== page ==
For inactivation of the viruses to obtain whole-inactivated virus for the generation of vaccines derived from PER.C6, a mutation protocol known to persons skilled in the art was performed using b-propiolactone. b-propiolactone is a very effective agent widely used for the inactivation of viruses and well known in the art for its mutating effects. It modifies nucleic acid bases of the viral genome and the host cell genome and blocks replication thereafter. Following an established protocol used to prepare the whole inactivated influenza vaccine prepared on embryonated eggs, the amount of virus corresponding to approximately 400 mg of HA per strain was inactivated and used for the final vaccine formulation. Briefly, one volume of 0.3 M sodium phosphate buffer was added to nine volumes of influenza virus preparation. Inactivation of the viruses was carried out adding one volume of 10% of b-propiolactone (Newall Design, UK) to 100 volumes of phosphate-buffered virus preparation and incubated at 20° C. for 24 hours. Inactivation of the viruses was checked by plaque assay and no plaques were detected for any of the inactivated batches (data not shown).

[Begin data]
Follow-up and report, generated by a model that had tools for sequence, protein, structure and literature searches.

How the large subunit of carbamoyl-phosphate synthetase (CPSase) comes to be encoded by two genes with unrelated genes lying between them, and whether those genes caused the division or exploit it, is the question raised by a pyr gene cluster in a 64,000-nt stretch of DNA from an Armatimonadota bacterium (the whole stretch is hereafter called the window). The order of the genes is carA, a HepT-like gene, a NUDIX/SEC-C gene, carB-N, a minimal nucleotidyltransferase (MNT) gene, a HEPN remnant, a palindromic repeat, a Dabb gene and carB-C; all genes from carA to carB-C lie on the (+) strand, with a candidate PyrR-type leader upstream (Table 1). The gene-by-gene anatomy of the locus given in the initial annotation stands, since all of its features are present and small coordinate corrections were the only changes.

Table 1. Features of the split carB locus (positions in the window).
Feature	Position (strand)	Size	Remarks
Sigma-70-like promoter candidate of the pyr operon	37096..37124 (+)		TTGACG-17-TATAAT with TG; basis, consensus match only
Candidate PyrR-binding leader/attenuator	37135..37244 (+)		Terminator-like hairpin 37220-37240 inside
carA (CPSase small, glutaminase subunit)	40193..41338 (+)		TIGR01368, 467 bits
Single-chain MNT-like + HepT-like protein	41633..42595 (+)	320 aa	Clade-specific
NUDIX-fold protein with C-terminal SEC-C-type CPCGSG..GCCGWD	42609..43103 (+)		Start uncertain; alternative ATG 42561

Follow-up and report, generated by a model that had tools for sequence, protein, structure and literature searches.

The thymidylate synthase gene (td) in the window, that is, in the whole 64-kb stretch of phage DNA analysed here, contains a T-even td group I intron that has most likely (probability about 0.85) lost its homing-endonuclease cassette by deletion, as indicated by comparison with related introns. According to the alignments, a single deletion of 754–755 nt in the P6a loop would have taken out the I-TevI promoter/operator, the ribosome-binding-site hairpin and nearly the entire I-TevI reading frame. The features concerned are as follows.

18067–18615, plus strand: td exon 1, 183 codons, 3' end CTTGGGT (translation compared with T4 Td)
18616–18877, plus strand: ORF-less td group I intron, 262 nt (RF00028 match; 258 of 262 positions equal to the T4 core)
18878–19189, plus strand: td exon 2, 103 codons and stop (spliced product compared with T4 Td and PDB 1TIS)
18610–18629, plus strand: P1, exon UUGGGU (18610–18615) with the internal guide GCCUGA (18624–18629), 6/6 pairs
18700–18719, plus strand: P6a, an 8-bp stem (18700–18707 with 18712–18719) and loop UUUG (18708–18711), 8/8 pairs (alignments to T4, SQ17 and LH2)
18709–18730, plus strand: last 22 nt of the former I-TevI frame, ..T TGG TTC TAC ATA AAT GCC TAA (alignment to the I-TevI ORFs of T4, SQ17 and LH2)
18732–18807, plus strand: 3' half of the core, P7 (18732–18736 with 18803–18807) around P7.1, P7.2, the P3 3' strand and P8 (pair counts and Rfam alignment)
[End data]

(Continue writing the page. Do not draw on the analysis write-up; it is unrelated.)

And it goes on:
Example 2A

PER.C6 Cell Banking and Pre-culture

Cell line PER.C6, or derivatives thereof, were used. Cell lines were banked by a two-tier cell bank system. The selected cell line was banked in a research master cell bank (rMCB) which was stored in different locations. From this rMCB research, working cell banks (rWCB) were prepared as follows: an ampoule of the rMCB was thawed and cells were propagated until enough cells are present to freeze the cells by using dry ice. Up to 500 ampoules containing 1 ml (1-2×106 cells/ml) of rWCB were stored in the vapor phase of a liquid N2 freezer.